Yet, having Shannon’s interjections made Cara more at ease with slowing down her own pace and letting students see this. In her second visit to Cara’s class, Shannon noted that there were two distinct occasions where Cara deliberately stopped herself during her teaching, noting “It was so clear that she was making a pedagogical decision there and doing so publicly.” Exercising the muscle of admitting to not having an answer immediately during the Interruptions, Cara began building more moments into her teaching when she said, “I really don’t know.” In this way, Cara felt more empowered to risk internalized pressure to keep classwork moving steadily (Leafgren, 2018) and to let everyone slow down to sit longer with ideas.


INTERRUPTIONS AS AN EXERCISE FOR SELF-CARE: THINKING-IN-ACTION AS A “PHILOSOPHICAL METHOD” FOR TEACHER EDUCATION


Interrupting each other’s practice during teaching allowed us to slow down our work, to take time for our thinking, to clarify ideas, to ask questions of ourselves and others, and to be deliberate, purposeful, and thoughtful—not simply reactive—in our actions. The effect was immediate and striking. Perhaps more intriguing was that, though we only Interrupted in eight classes over the course of the semester, our daily practices were heavily influenced and the influence continued in the semesters when we did not do Interruptions.


Socrates was famous for his ability to stop and think anywhere, in the midst of a battle field being perhaps the most pertinent to us. We admire this ability, while acknowledging that it is not only incongruous but also highly difficult. Interruptions provided us with exercises that facilitated our ability to pause and think while teaching more regularly and more meaningfully. A key element of this care of the self was the chance to Interrupt by engaging in dialogue (Arendt, 2006; DePalma, 2010) about our teaching while teaching. Just as Arendt (1998) theorized that in thinking we hear the voices of our interlocutors, after working together, when we were left teaching and thinking alone in our classrooms we heard the kinds of questions and comments the other had posed during the visits. In other words, our Interruptions proved to be exercises that helped us to stop, think, and sometimes change our practices so that they were better in service of our ethical beliefs.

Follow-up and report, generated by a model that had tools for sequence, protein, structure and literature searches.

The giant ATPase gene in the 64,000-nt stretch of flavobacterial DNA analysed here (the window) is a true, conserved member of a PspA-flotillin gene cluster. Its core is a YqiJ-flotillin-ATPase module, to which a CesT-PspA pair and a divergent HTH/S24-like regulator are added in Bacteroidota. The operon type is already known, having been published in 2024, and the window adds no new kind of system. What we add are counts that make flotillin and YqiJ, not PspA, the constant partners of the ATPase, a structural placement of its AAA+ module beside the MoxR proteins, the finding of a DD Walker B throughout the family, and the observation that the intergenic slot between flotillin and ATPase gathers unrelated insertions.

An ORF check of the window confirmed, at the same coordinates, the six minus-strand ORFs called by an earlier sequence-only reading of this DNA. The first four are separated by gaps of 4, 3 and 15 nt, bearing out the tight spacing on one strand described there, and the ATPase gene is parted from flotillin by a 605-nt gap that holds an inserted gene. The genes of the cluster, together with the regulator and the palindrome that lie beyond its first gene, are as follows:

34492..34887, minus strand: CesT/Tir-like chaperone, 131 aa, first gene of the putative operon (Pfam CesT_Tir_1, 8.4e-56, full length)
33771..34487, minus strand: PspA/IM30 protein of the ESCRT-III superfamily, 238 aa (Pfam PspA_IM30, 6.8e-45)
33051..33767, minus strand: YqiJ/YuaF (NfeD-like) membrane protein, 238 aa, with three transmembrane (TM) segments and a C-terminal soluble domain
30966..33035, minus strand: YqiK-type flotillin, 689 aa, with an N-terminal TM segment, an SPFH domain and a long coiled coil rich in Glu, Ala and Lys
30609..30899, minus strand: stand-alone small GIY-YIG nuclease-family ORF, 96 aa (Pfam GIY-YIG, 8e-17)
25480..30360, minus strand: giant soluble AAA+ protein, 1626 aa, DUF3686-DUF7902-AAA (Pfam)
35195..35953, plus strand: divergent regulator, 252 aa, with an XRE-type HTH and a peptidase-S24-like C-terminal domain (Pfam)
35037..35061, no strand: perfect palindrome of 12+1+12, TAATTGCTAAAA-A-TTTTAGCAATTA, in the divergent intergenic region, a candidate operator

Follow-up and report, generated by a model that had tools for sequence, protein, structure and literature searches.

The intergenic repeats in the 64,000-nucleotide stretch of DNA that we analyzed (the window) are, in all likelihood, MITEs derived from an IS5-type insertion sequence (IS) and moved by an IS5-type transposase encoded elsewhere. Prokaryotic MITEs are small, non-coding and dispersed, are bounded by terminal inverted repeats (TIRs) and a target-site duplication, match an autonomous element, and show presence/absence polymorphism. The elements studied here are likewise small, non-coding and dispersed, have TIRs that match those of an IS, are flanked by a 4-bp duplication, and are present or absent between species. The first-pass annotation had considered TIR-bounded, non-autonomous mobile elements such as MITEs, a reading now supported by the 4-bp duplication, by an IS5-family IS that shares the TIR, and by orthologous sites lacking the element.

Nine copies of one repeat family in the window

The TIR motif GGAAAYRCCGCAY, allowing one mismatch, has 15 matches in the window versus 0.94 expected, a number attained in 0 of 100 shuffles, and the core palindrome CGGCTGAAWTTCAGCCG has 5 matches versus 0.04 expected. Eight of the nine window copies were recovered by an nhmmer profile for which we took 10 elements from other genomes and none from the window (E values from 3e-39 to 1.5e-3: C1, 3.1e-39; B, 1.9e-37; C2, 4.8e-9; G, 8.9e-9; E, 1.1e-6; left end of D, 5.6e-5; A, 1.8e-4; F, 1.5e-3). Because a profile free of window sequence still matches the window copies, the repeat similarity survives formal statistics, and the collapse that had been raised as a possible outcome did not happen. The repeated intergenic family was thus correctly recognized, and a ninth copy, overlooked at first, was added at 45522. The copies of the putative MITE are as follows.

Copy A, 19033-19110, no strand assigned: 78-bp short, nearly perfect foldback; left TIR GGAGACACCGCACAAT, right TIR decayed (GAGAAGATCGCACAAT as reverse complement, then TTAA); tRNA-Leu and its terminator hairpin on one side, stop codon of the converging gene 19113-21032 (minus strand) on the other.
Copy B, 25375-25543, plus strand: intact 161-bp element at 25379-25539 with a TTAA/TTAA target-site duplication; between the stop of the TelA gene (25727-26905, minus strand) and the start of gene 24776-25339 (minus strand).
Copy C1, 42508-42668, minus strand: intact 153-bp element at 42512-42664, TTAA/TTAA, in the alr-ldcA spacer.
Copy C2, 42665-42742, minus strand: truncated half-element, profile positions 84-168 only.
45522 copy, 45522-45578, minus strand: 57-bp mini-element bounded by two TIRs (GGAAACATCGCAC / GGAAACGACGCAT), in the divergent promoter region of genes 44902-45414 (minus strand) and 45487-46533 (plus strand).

Importantly, the impact of drawing on educational philosophy in order to inform our instruction in methods has enabled us to examine our work in deeper and more critical ways. Like Socrates, we now take the time to think-in-action. Foucault and Hadot helped us to name what we were doing as exercises in the service of our ethical selves. While we do not call upon all instructors grounded in methods to become philosophers, nor all philosophers to become grounded in methods, we suggest that situating oneself in a broader field of inquiry only serves to improve and strengthen one’s own learning. Examining how our methodological practices intertwined and intersected with our own philosophical values, enabled us to find an avenue to care for our teacher-selves, and importantly, model that for our students.